This Election Season, What Do Indian Political Parties Say About China?

India sees China as both threat and positive model, but poll manifestos have very little on how to deal with Beijing. The evasion is reflective of the unwillingness by successive governments to thrash out China policy in the open.
May 24, 2024
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China is the primary foreign policy and security challenge that India faces in its neighbourhood. Alongside New Delhi’s apprehensions is a fascination in sections of the Indian political elite for the way China has grown its economic and diplomatic heft. China is a reference point – a model even – to benchmark and achieve domestic economic and political goals.

Yet, in manifestos across political parties, there is a striking lack of deep engagement with China, India-China relations, and the Chinese economic model. National security challenges are more directly addressed, but here too, there is much evasion.

China as security challenge

India-China relations in the recent past has been a series of mixed – and missed – signals. The Chinese – well aware of the Bharatiya Janata Party’s popular image as the political party strong on Indian national security issues – nevertheless assumed that Prime Minister Narendra Modi would be open to doing business in the Gujarati way. For what it was worth, they decided to choose one stereotype over another.

Modi appeared equally keen to base the relationship with China on sounder economic engagement. He also seemed to think that pushing closer ties with the United States would not bother the Chinese. He also continued the previous government’s policy of remaining implacably opposed to Chinese president Xi Jinping’s pet Belt and Road Initiative on account of it passing through Pakistan-Occupied Kashmir.

Leave alone any ideas on how to deal with an increasingly assertive neighbour, the BJP manifesto actively evades the issue.

The BJP government ought to have recognised the qualitatively different nature of China after Xi ascent to power in 2012. Multiple Chinese transgressions on the Line of Actual Control (LAC) since 2013 should have made that clear. Yet, the Modi government proceeded with the so-called ‘informal summits’ in 2018 and 2019 with the general elections that year sandwiched in between. The summits were intended to reduce bilateral tensions, but they clearly did nothing of the sort. Chinese transgressions in eastern Ladakh started a few months later in April 2020 and eventually led to the clash and fatalities at Galwan in June.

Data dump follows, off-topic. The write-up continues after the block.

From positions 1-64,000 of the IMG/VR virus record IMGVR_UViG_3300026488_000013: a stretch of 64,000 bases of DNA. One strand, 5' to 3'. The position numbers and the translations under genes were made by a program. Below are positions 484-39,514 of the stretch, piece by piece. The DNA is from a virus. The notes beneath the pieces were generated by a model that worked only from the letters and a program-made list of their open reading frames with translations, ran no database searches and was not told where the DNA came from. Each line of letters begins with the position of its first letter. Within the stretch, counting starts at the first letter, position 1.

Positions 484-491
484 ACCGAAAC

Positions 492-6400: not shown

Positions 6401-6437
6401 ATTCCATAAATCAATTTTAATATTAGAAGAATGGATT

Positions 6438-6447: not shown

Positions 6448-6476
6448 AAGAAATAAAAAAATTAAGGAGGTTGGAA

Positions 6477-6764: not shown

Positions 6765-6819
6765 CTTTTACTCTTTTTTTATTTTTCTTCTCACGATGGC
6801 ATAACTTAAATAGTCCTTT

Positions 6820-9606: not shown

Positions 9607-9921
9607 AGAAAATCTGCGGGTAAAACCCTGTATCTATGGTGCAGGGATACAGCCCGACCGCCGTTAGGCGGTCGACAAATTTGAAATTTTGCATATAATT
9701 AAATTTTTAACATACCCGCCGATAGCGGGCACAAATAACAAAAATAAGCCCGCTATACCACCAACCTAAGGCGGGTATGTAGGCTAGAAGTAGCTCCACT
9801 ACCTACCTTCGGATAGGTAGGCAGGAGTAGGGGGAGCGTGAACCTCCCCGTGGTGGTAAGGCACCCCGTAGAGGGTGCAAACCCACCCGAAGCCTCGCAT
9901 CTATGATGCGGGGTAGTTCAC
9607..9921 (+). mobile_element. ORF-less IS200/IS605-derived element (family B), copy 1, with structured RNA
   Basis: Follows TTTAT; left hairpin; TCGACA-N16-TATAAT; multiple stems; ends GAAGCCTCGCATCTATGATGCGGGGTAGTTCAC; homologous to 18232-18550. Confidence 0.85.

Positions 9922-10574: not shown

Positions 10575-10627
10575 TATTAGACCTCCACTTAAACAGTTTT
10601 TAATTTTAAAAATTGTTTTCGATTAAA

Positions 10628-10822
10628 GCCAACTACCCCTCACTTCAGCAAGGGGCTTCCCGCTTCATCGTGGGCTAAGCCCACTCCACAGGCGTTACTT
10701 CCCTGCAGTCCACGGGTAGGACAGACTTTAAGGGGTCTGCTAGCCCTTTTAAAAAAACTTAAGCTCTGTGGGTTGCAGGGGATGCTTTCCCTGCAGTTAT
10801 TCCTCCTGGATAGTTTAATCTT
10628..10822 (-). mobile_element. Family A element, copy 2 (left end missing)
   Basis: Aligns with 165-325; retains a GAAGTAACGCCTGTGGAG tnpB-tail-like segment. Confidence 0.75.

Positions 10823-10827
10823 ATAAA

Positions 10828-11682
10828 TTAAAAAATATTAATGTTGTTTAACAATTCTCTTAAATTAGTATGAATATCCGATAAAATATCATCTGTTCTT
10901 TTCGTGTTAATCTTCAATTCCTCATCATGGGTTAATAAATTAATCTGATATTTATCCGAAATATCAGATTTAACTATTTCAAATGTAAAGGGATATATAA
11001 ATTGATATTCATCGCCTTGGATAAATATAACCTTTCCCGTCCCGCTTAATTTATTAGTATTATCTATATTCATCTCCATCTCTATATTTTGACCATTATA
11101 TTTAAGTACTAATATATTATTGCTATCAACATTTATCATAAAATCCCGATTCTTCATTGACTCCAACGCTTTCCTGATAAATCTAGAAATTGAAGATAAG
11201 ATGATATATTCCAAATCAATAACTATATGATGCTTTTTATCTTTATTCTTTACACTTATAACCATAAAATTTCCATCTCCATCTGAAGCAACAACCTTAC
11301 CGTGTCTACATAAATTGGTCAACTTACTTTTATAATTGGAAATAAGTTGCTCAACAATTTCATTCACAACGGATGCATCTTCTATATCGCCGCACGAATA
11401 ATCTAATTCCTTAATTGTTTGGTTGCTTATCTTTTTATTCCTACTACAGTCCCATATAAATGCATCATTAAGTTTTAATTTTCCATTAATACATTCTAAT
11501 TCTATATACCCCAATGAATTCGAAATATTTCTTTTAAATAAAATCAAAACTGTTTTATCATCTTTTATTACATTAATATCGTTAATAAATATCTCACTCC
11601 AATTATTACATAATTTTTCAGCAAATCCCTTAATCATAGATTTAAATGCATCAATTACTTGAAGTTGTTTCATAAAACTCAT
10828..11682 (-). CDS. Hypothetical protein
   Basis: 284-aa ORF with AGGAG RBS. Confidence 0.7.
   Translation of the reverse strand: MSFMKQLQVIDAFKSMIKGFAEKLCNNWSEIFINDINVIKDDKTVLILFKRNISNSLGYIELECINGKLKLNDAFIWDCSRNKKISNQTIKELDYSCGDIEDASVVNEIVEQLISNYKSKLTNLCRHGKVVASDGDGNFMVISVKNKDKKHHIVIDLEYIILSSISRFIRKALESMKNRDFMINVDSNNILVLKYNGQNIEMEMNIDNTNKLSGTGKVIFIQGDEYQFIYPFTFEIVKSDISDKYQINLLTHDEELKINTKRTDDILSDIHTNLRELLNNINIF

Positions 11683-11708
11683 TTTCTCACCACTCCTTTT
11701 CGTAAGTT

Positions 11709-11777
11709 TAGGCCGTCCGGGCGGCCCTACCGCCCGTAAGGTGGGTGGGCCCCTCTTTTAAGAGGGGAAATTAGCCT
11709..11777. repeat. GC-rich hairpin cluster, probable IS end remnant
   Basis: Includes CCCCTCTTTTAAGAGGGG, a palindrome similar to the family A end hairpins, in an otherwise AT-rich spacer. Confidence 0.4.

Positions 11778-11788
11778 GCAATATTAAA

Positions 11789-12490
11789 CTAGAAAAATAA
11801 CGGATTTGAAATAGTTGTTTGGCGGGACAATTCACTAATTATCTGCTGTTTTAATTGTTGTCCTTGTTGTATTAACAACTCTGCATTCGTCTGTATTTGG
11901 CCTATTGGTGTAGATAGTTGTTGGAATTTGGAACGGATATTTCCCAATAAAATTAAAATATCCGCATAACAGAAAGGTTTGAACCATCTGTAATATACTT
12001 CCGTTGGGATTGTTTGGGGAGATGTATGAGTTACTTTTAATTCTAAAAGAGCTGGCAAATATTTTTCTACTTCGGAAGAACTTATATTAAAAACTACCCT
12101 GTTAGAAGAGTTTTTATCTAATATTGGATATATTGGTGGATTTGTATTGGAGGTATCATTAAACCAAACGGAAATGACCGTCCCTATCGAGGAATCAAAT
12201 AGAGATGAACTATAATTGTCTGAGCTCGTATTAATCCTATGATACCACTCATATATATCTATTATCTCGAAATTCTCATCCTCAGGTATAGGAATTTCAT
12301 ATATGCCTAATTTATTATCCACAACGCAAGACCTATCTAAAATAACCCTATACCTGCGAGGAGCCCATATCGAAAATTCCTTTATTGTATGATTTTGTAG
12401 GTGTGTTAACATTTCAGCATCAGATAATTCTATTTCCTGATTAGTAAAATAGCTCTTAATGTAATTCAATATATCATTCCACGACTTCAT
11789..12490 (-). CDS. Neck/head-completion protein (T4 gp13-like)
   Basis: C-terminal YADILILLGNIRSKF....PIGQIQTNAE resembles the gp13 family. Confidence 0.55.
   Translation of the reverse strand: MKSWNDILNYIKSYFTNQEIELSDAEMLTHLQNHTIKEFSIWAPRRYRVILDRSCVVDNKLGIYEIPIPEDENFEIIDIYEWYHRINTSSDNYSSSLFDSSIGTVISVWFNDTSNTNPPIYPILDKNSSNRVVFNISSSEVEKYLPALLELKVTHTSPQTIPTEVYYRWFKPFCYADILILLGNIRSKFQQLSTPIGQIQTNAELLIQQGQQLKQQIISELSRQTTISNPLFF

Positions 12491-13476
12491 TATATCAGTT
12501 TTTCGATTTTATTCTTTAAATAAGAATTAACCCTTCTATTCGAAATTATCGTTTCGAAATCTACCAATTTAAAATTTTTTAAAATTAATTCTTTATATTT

Four years on, the BJP manifesto shows no progress on thinking on China. Leave alone any ideas on how to deal with an increasingly assertive neighbour, the BJP manifesto actively evades the issue. Only indirectly does a reference to the issue come in when the manifesto declares if elected, it will ‘accelerate development of robust infrastructure along the Indo-China […] border areas’ (p. 38). (It is worth noting that ‘Indo-China’ is a term used for mainland Southeast Asia. Its incorrect use to denote the borders between India and China is a telling sign of inattention from a party whose government has a former foreign secretary as its external affairs minister.)

The Congress brings up China upfront in its section on ‘National Security’, saying the 2020 LAC incidents “represented the biggest setbacks to Indian national security in decades”. It promises a new ‘comprehensive national security strategy’, including greater institutionalisation of national security decision-making processes and accountability to Parliament (p. 38). The party accuses Modi of giving “a clean chit to China” in his 19 June 2020 statement to an all-party meeting, denying the Chinese had entered or captured Indian territory. The Congress claims this has ”considerably weakened our negotiating position […] Despite 21 rounds of military-level talks, Chinese troops continue to occupy Indian territory and deny Indian forces access to 26 out of 65 patrolling points, equivalent to an area of 2,000 square km in eastern Ladakh’ (p. 38). (The information on the denial of access to patrolling points comes from an internal presentation at a meeting of police chiefs, later leaked to the press.) The Congress manifesto also notes that the “Chinese buildup in Doklam” – seen as a victory for the Indians when they forced the Chinese to vacate the area of confrontation in 2017 – continues (p. 38).

The Congress’ prescription of “quiet attention to our borders” contradicts its stated position of ensuring accountability.